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  5. Hair Dye Allergies: Why It Happens & How Can It Be Treated?

Everytime you visit your salon and look at that sheet of hair color options, or when you spot those eye-grabbing shades of hair colors in the fashion magazine, are you tempted to dye your own hair? For some, it could also be a necessity due to premature aging. But, stop!

Before you decide to drop the dyes on your hair, you must be aware of the allergic reactions they could cause. Hair dyes contain a ton of harmful chemicals that can cause your skin to react adversely. Let us understand why this happens and what you can do to treat it.

What Causes Allergy To Hair Dye?

Hair dyes, like many other products, contain a number of chemicals that can irritate your skin. One of the main culprits is Paraphenylenediamine or PPD. This chemical is responsible for giving you long-lasting hair color that seems to appear more natural, when used on hair.

PPD is mainly used in dark hair dyes. It has a reputation of being an allergen for those with sensitive skin or some dry skin conditions. On application, PPD becomes oxidized. This is what causes the allergic reactions. The reaction usually tends to fade away once PPD is fully oxidized.

Some people may only experience skin irritation while for some others, it may get more serious. Contact dermatitis is not an uncommon symptom of this allergic reaction. This may even develop into hives and in some very rare cases, anaphylaxis.

Did You Know?

  • PPD is found in tattoo ink, gasoline, dark cosmetic products and printer ink also.

Hair Dye Allergy Symptoms

1. Stinging sensation

2. Inflamed, red skin

3. Itching of the scalp or face

4. Swelling of the scalp/face

5. Swollen eyelids, lips or hands

If you are sensitive to hair dye, you may also develop contact dermatitis symptoms/flare-ups.

If you are allergic to hair dye, your symptoms may take upto 48 hours to show up. It is recommended that you conduct a patch test before using hair dye.

Word of Caution:

Some severe reactions may include a fatal, serious condition known as anaphylaxis. This reaction will need you to visit a doctor immediately.

The symptoms of anaphylaxis are:

  • Skin reactions like tingling, stinging and burning
  • Rashes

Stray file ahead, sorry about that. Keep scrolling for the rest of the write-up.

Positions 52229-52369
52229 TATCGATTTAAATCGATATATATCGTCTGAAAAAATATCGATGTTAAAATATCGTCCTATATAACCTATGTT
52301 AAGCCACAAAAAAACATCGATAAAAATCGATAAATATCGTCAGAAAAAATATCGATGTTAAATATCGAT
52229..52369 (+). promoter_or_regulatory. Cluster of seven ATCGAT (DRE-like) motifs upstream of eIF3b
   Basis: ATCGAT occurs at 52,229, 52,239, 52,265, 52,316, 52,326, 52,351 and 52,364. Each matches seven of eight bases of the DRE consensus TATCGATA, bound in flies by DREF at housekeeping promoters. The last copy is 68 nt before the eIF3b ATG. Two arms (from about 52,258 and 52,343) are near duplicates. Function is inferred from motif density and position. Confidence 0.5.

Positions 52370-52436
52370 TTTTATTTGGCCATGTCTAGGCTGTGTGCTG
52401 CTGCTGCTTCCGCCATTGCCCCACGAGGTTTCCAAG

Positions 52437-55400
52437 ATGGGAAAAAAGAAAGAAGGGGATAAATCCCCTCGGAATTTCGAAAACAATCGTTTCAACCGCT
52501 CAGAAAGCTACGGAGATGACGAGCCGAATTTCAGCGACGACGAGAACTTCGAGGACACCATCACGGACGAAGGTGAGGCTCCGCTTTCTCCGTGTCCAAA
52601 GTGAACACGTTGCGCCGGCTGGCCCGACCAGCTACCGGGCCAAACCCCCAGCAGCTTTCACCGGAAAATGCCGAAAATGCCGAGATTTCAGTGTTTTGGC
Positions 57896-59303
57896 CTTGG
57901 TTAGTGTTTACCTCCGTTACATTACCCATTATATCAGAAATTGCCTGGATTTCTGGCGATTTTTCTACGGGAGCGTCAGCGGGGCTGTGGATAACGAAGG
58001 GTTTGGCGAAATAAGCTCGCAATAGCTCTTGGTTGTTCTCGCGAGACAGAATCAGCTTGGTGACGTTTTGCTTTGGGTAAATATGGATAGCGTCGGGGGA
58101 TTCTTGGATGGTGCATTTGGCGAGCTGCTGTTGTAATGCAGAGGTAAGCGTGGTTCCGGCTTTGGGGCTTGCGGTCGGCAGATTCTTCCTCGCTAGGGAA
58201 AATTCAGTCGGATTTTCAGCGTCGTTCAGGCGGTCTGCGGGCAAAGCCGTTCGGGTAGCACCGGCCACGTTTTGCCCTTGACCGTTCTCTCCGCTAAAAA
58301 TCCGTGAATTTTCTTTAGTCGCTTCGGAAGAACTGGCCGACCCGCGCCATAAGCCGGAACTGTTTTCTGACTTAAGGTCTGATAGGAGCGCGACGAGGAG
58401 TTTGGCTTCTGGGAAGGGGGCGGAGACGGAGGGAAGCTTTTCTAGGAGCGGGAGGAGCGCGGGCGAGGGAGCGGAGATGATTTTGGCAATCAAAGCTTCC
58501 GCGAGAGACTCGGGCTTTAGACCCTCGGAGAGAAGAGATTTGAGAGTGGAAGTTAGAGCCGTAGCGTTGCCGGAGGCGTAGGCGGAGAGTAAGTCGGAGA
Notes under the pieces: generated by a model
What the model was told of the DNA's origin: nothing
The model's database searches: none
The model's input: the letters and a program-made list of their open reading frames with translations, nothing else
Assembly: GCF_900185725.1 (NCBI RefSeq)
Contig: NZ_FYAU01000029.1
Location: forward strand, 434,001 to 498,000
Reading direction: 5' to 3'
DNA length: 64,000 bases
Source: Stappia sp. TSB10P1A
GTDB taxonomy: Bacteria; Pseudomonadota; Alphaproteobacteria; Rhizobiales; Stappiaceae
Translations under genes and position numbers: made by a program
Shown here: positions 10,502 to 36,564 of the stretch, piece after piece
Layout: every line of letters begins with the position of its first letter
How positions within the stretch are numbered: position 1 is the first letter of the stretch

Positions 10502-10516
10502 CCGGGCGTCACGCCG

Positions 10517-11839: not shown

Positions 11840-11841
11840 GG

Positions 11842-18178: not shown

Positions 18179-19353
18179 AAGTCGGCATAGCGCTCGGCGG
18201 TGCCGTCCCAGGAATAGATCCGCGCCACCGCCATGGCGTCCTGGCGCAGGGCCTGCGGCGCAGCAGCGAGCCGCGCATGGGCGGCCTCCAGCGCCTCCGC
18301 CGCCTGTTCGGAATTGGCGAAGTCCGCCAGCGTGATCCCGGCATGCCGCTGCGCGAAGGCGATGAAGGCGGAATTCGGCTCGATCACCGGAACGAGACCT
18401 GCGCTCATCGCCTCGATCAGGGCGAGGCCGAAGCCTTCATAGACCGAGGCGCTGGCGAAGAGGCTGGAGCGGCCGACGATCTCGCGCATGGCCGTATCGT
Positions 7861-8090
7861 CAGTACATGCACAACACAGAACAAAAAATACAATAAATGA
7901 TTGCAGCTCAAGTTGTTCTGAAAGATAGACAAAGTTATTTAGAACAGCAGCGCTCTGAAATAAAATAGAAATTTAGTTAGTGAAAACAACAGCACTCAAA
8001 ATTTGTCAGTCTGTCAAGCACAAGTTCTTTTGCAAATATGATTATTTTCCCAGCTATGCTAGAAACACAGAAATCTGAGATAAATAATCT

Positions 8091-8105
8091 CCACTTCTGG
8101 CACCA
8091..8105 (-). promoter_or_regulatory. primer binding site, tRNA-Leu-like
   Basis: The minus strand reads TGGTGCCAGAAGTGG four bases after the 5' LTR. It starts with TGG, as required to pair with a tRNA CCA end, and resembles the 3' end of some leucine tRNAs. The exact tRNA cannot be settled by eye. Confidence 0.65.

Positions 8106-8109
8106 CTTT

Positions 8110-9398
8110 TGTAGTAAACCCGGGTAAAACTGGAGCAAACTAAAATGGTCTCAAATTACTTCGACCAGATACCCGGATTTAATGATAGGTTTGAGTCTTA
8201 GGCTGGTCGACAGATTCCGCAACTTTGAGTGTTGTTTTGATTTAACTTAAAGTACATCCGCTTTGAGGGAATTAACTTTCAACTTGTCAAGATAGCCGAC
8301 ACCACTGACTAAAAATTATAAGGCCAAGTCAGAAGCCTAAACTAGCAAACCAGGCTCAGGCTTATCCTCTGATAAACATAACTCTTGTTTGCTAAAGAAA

• Fainting
  • Nausea and vomiting
  • Swelling of throat or tongue

Treatments For Hair Dye Allergies

The treatments for allergies due to hair dye depend on how severe your reaction is:

  • If you have mild and immediate/instant reactions, wash the dye off immediately with warm water and mild shampoo.
  • If you are experiencing contact dermatitis flare-ups or symptoms, treat the affected area with a topical corticosteroid. Other OTC treatments are also available, which can be used on your skin.
  • A shampoo that contains topical corticosteroids like Cobex can be used as well.
  • Mild antiseptics like a 2% hydrogen peroxide solution can be applied to the affected area to soothe symptoms.
  • Oral antihistamines such as Benadryl can also be consumed to reduce symptoms like itching.


If you don’t see an improvement in symptoms or experience severe ones, visit your doctor immediately. He may prescribe you corticosteroids or other medications that will help reduce these symptoms.

Topical Home Remedies For Hair Dye Allergies

1. Honey

If you are experiencing contact dermatitis symptoms, you can use honey as a remedy. Honey possesses immunomodulatory properties that can help improve symptoms and reduce rashes (1).

honey as a remedy

2. Aloe Vera

Aloe vera gel possesses wound-healing and anti-inflammatory properties. This can help reduce redness and may speed-up the wound-healing process (2).

3. Coconut Oil

Coconut oil is popularly used to reduce skin irritation and redness. Its anti-inflammatory properties help reduce the redness and inflammation associated with hair dye allergies (3).

4. Olive Oil

Application of Olive oil can reduce symptoms associated with hair dye allergies. It has anti-inflammatory properties that can reduce swelling, inflammation and redness (4).

Alternative Hair Colors To Use

There has been an attempt by manufacturers to substitute PPD with other ingredients like para-toluenediamine sulfates, which are considered to be safer than PPD.

However, if you think you are allergic to PPD, you can use henna to color your hair instead. Remember that PPD is used in high concentrations in darker hair colors especially.

Prevention Tips

  • It’s important to learn what you’re allergic to. Hair dye allergies can occur at any time, even if you have color-treated your hair before. In case of any symptoms, immediately rinse off and stop using the product.
  • Don’t add any extra color as that can result in more adverse allergic reactions.
  • Always conduct a patch test before you use a product that contains ingredients like PPD. If you do not notice any reactions after 48 hours, you may continue to apply it to your hair.

Wrapping Up

Hair dye allergies could be both mild or severe. The symptoms range from redness and itching to anaphylaxis in rare cases. Conducting a patch test is recommended before you apply hair dye to your hair. The ingredient that has a reputation of causing these reactions is PPD. To avoid allergies from hair dyes, you could opt for hair colors that use para-toluenediamine (which is considered safer) or henna.

Begin By Knowing Your Skin